# Question 5bc68

Aug 27, 2016

$\text{0.45 L}$

#### Explanation:

The idea here is that you need to use the molarity and volume of the solution to determine how many moles of carbon dioxide you have dissolved in the solution.

Once you know that, use the molar volume of a gas at STP to calculate the volume that many moles would occupy under STP conditions.

So, molarity is defined as the number of moles of solute, which in your case is carbon dioxide, ${\text{CO}}_{2}$, present in one liter of solution.

In this regard, a $\text{0.1-M}$ solution will contain $0.1$ moles of carbon dioxide for every liter of solution. This means that your sample will contain

200 color(red)(cancel(color(black)("mL"))) * (1color(red)(cancel(color(black)("L"))))/(10^3color(red)(cancel(color(black)("mL")))) * "0.1 moles CO"_2/(1color(red)(cancel(color(black)("L")))) = "0.02 moles CO"_2

Now, STP conditions are currently defined as a pressure of $\text{100 kPa}$ and a temperature of ${0}^{\circ} \text{C}$. Under these specific conditions, one mole of any ideal gas occupies $\text{22.7 L}$.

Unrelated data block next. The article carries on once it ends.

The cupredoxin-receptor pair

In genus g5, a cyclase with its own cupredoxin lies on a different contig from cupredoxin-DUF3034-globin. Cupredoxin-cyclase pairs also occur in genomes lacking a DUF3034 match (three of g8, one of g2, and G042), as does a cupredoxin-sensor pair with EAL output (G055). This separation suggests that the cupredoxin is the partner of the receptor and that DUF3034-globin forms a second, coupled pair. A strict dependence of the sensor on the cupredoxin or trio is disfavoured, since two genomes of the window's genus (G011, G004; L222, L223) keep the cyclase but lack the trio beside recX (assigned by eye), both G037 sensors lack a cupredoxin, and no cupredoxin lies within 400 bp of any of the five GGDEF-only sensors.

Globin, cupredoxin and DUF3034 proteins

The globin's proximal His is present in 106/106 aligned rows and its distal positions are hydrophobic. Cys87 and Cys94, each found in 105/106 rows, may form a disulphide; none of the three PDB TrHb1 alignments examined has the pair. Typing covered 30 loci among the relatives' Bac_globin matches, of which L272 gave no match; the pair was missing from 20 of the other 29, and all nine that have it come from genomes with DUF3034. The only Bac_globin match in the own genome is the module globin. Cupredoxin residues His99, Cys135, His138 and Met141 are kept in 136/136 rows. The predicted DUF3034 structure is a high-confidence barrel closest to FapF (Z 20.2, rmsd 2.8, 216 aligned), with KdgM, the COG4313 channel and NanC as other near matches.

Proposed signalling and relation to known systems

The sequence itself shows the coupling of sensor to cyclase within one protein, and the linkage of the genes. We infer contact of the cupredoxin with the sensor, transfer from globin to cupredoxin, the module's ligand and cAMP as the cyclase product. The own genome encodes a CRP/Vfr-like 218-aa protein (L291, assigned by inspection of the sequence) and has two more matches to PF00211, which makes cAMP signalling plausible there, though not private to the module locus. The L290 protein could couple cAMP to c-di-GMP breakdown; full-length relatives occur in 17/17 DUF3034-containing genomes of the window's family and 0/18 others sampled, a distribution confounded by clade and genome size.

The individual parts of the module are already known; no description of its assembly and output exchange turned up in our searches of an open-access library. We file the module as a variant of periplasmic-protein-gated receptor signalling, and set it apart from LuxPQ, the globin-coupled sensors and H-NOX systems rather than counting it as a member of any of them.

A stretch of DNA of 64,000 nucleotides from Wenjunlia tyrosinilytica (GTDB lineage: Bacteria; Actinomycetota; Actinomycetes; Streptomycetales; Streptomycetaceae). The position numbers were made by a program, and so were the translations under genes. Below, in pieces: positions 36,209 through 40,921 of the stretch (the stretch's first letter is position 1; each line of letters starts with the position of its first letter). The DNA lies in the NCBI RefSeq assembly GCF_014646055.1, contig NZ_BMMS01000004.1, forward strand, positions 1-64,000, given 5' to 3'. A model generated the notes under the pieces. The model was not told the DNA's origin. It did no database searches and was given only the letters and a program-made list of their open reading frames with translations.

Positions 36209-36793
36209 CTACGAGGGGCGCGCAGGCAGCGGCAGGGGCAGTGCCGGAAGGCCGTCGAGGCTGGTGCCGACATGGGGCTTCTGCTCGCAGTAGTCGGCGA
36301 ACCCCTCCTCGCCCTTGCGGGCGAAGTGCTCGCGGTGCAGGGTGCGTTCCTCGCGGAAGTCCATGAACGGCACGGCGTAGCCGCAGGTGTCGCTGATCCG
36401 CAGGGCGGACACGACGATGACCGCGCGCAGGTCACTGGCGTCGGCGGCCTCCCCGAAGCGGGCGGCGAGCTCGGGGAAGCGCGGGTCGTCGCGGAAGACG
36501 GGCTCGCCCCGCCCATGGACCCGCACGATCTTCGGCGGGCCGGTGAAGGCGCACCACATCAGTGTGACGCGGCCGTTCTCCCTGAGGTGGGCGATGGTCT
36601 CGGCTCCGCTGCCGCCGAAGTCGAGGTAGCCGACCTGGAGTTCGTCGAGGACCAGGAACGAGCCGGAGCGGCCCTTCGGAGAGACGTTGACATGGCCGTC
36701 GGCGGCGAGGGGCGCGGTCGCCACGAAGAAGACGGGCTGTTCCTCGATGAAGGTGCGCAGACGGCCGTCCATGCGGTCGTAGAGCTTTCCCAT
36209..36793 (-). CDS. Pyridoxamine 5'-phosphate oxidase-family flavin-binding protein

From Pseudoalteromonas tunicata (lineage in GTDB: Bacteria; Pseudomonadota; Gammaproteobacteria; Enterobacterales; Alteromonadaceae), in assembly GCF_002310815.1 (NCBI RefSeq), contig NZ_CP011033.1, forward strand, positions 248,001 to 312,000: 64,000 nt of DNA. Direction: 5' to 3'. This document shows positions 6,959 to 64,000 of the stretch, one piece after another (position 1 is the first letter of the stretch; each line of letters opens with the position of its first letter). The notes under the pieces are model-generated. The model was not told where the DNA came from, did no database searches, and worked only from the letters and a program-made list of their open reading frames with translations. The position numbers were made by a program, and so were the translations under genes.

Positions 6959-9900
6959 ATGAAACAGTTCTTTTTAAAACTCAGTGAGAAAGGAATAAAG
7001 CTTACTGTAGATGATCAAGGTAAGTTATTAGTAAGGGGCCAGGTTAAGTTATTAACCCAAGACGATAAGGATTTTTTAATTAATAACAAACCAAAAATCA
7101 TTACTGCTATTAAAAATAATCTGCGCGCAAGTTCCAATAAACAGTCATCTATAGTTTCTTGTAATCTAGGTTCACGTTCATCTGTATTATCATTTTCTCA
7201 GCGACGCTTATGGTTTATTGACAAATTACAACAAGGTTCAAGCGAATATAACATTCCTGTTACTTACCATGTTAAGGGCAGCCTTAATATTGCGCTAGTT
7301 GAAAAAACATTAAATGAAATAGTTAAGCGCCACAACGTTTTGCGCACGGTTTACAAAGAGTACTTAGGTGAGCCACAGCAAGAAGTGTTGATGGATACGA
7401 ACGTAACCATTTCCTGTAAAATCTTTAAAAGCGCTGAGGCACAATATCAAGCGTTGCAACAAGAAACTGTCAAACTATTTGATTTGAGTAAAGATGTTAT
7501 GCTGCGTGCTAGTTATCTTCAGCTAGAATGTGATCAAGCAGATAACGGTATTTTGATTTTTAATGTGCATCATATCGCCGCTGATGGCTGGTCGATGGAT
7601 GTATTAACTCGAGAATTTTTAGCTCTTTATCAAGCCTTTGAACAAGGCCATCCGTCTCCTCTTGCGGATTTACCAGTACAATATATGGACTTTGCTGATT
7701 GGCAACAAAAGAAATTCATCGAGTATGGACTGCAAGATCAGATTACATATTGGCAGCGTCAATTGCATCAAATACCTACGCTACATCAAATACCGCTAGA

This is known as the molar volume of a gas at STP. Use this value to determine the volume occupied under STP conditions by your sample

0.02color(red)(cancel(color(black)("moles CO"_2))) * "22.7 L"/(1color(red)(cancel(color(black)("mole CO"_2)))) = color(green)(|bar(ul(color(white)(a/a)color(black)("0.45 L")color(white)(a/a)|)))#

I'll leave the answer rounded to two sig figs, but keep in mind that you only have one sig fig for your values.

SIDE NOTE More often than not, the molar volume of a gas at STP will correspond to the old definition of STP conditions, which was a pressure of $\text{1 atm}$ and a temperature of ${0}^{\circ} \text{C}$.

Under these conditions for pressure and temperature, one mole of any ideal gas occupies $\text{22.4 L}$. If these are the values given to you, simply redo the last calculation by using $\text{22.4 L}$ instead of $\text{22.7 L}$.